How to Manage First Impressions

Want to make a good first impression on a sales call? It takes practice and planning to do it well.

Your business leadership approach should include a plan for how to make the best first impression. First impressions matter: and managing them means keeping a few things in mind.

Don’t Try To Dazzle With Brilliance

Wait, you may be saying, how can I make a good impression if I don’t show how smart I am? The reality is that you want to focus less on coming off as dazzling, but instead focus on being memorable. You’ll make a better impression by focusing on your listening skills and understanding what the other person is saying. Seek to understand first and make the other person feel great about their interaction with you. This advice helps you engage with others on what they care most about.

Express Your Own Passion

You want people to see what you care about and what matters to you. Be sure that they understand what energizes you, what you believe in, and what you care about. Your passion should also be expressed on your face and within your body language. Smiles, bright eyes, and engaging conversation go a long way.

A Word About Body Language

Your body language will say a lot and convey whether you are confident and at ease or nervous and wound up. Think about how slouching posture, distracted hair twirling, or disinterested gazes come across. The sounds you make go a long way too, from “mmm-hmms” to “I sees.”

Body language plays a major role in how you are perceived by others.

Fit The Part

Each workplace is going to have its own cultural norms that inform how people dress. A good rule of thumb is to dress in the same style as your boss. If she is in power suits and heels, you should dress accordingly. If he rarely wears a tie, you probably don’t need to either. If you oversee a team, you want to be sure that you have articulated the dress code you expect and eliminate ambiguity; For example, what does ”dressy denim” mean, anyway?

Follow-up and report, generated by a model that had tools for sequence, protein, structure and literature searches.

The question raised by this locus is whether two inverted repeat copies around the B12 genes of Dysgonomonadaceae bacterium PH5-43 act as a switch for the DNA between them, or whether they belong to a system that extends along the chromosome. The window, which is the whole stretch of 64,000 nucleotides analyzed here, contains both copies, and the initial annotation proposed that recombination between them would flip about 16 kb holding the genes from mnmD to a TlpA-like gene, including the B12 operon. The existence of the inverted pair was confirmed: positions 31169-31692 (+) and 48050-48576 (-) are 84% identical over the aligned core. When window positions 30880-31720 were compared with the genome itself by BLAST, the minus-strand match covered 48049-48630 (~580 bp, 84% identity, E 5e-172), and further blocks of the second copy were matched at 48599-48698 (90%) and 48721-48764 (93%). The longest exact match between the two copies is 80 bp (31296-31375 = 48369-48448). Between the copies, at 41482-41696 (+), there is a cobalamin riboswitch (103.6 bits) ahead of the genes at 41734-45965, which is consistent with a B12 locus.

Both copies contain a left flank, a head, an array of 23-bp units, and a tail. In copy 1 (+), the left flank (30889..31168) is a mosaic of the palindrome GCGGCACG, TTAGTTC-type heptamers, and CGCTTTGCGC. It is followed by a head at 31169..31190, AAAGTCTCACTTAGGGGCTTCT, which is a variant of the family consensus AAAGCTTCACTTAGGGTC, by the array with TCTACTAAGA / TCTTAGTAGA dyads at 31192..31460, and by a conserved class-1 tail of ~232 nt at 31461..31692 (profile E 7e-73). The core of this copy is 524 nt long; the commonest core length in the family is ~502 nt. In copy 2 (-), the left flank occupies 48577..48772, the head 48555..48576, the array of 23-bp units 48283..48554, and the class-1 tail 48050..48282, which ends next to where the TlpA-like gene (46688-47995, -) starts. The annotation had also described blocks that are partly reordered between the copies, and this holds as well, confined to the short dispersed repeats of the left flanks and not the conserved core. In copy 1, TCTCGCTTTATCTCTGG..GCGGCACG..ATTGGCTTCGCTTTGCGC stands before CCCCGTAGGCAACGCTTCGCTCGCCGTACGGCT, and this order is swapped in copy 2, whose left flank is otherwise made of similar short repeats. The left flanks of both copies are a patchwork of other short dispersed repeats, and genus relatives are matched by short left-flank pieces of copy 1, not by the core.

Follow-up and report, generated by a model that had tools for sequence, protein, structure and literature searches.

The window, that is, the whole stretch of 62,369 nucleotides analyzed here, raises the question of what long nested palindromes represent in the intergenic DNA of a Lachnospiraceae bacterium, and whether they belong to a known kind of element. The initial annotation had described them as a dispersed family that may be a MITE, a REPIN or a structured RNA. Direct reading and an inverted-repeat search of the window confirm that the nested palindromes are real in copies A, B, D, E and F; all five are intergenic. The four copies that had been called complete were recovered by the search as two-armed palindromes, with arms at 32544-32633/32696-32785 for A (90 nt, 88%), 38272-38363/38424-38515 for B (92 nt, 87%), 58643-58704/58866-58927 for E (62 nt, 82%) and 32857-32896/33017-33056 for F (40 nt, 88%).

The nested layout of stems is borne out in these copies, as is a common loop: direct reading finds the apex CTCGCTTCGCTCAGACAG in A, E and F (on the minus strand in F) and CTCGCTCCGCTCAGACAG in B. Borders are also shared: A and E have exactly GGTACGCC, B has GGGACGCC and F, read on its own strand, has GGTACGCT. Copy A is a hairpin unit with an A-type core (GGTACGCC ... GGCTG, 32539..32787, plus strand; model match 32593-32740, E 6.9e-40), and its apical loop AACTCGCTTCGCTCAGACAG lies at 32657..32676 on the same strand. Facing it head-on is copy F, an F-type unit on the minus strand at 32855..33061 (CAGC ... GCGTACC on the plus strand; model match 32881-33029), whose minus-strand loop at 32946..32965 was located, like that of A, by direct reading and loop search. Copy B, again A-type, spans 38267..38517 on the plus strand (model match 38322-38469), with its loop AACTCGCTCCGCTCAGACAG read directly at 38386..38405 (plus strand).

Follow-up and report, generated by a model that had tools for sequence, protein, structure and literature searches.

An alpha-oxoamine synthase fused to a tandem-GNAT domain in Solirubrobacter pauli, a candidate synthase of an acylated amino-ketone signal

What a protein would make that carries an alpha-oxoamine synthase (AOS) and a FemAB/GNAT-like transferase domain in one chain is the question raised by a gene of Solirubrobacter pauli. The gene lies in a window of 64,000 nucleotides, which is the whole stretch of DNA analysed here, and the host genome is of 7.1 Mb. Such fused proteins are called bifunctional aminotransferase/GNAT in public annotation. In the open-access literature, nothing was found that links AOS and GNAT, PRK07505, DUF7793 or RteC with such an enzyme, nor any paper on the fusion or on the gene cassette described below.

Listen … Then Listen Some More

It’s always best to not come in like a bull in a china shop. You want to take the right amount of time to listen and observe. Then frame some questions and listen some more. You do not need to fill the silences and you do not need to change everything at once. Listening and maintaining an objective perspective on what needs to be changed is always a good approach.

Seek Common Ground

If you want to make a good first impression, seek to find common ground with those with whom you interact. Understand their pressure points and concerns, and try to identify issues where you agree. If you cannot come to a consensus on the bigger stuff, maybe you can start with the smaller stuff and go from there.

Follow Up

If you want to make a good impression in your first few hours, days, weeks or months, adopt a business strategy to follow up on what you say you’re going to do. You gain credibility when you do so, and can lose it fast when you do not.

With a little bit of intentionality and forethought, your first impression will be a great one.

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